• Nisha, I think it’s important for any of us who are blogging to be aware that our words are being read by a great many and some who may not have our best interests in mind, but even so when we write honestly about our own very personal struggles I think the good it can do for others who may share our challenges outweighs any risks. It is when I write of others that I edit and, yes, even censor myself, but otherwise I do not. If I did this blog would not exist! Keep writing! You have a story to tell and it is important.
      I am cheering you on.

  12. I loved this blog. I mean who is this person that is Ariane? Often your blog is just about you being Emma’s mom but you are an interesting character in your own right. I would love to see more of these blogs. Plus you have a natural gift for writing. I just marvel and amaze at it. Truly a gift.

  13. I agree with Nisha that reading just your accomplishment’s like accomplished jeweler and author it made you seem like a person too real to be true who just happened to have a daughter who brought challenges to this seemingly perfect life. Don’t deny it raising someone on the spectrum is probably a bigger challenge if not at least a very different challenge than most parents have, I am not saying that it is not incredibly enriching and rewarding which you have shown the world by talking about the amazing things you have learnt from Emma, its just also really difficult.

    • I completely understand what you’re saying; if I think of moments, individual moments, then yes, it is challenging having a different neurology from my child. As her parent it pains me to see how the world and our society treat those who do not fit the neurotypical mold, that is the single most challenging and difficult thing I, personally, grapple with.

  14. And I’m beginning to believe more and more in ESP, because this morning, just a few minutes ago I was thinking about you, Emma, and, wait for it…Chou Chou Scantlin! It is obvious that I am thinking every day about you, Emma, Richard, your struggles to be the authentic YOU and your wisdom and love in urging Emma to be the authentic person she is, but Chou Chou? Why does she pop into my mind? Love, I believe, travels in waves of ESP that we can feel, even when we don’t verbally communicate.

    So here’s to loving human beings like Chou Chou, Emma, and YOU.

    Granma Paula

  15. ariane – so grateful to have gotten to find your honesty and authenticity. your courageousness is most appreciated. (lowercase is used for the sake of expedience; no offense is intended, and i’m trusting that none is taken…) living, for the past half-life, with increasingly greater mindfulness. would love to share more, and shall, on a variety of things – if it’s welcome.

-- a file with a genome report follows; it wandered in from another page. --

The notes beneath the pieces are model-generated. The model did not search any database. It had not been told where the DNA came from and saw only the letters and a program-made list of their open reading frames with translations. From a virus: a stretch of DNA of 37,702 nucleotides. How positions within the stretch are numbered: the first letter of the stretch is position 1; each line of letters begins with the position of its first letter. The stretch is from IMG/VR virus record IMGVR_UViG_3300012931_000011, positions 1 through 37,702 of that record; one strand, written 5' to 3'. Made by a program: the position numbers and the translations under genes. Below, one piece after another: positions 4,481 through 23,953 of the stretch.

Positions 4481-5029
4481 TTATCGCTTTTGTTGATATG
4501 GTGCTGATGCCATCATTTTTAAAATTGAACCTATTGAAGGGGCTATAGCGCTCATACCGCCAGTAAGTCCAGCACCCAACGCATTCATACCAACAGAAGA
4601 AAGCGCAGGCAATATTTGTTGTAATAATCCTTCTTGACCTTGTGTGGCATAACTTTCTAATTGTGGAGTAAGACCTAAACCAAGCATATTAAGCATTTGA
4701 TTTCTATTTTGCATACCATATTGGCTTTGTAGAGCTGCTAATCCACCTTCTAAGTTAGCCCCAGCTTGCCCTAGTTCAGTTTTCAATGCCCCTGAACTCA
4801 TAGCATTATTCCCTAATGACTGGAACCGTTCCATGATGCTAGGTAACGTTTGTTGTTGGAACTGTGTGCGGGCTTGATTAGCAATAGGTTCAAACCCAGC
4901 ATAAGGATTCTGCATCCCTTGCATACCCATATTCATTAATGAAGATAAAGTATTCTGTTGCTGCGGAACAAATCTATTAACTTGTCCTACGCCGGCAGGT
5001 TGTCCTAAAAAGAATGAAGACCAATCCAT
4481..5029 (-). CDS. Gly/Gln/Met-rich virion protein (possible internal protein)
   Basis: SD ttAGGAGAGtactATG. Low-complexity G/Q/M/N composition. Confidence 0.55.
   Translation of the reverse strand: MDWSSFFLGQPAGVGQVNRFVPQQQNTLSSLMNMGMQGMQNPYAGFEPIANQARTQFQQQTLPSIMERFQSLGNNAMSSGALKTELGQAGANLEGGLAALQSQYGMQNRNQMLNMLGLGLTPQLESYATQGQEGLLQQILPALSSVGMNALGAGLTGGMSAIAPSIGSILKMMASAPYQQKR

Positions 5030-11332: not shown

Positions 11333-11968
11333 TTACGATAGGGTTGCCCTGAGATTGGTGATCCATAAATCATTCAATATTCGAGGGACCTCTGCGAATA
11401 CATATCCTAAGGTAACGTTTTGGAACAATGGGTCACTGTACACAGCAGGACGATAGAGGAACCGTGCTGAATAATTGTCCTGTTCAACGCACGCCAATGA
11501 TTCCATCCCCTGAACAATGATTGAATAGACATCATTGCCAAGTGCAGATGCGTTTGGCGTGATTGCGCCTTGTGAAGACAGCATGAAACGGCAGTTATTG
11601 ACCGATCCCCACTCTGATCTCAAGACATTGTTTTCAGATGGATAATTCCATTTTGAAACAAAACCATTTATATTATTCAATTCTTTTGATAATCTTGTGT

16. I can relate with you on so many levels. I have two boys on the spectrum, and I find the hardest part of everything is preparing myself for how society will judge them with their different neurology. I have no idea how we will cope. I too, have an eating addiction. No one has ever known, still don’t to this day and I am 36 now and it started when I was 16. The strangest part is, I don’t have an excuse for it. I don’t have a painful cycle going on of self loathing or acceptance, or even guilt. (other than limiting my life which will, in turn, hurt my family and children who will need me) There is no desire to self harm in any way, nor have I ever questioned my self worth or felt others were superior that me, which makes it all the more harder to understand. All I know is that I do love food, love to eat anything I desire, almost as much as I love being a confident size 8-10 (Aust) as I need to be to face the world. And there those two battle it out, almost as if I am just the player being pushed into their game of war against each other. I’ve tried to get out for 20 years, but I keep giving back in again. I too have always envied others who have such a simple non complicated relationship with food and their image that they don’t even need to try….You must be so proud to have accomplished that and finding your freedom. I long for that day. I also wonder how OCD plays a role, as I have a ‘thing’ (!) that if I or my family touch our dog, or the rubbish bin, or anything that spreads germs we need to wash our hands before we touch A SINGLE THING! I know that’s OCD to a degree, and I’ve gotten worse with age, so I wonder how that and my eating disorder are intertwined. Everything also has to stay in it’s ‘place’. On a different note, I am also starting to question therapy, what it actually trying to accomplish and it that is the same as what I want for my children. All I want from it is to assist with their development, NOT to change who they are in any way….I wonder if that is a contradiction in itself or not. Confused, but thankfully therapy has not and is not playing a large part in our lives as I use emotion and experiences to connect with my children on a far deeper level than any therapy can offer. I thank you for sharing your journey with me, particularly because I feel our journey’s are similar and I don’t often find any sense of familiarity or belonging in this big, unfamiliar world.

  17. Thank you so much for writing back, and for the links that I am looking forward to reading up on. I am a huge admirer of your entire character and I honestly see you as a role model to so many others also. The experiences in which you share are benefiting my family too and I thank you with full sincerity for being the human being that you are and for sharing yourself so unselfishly to anyone who wishes to appreciate you.
    Fondest Regards,
    Carly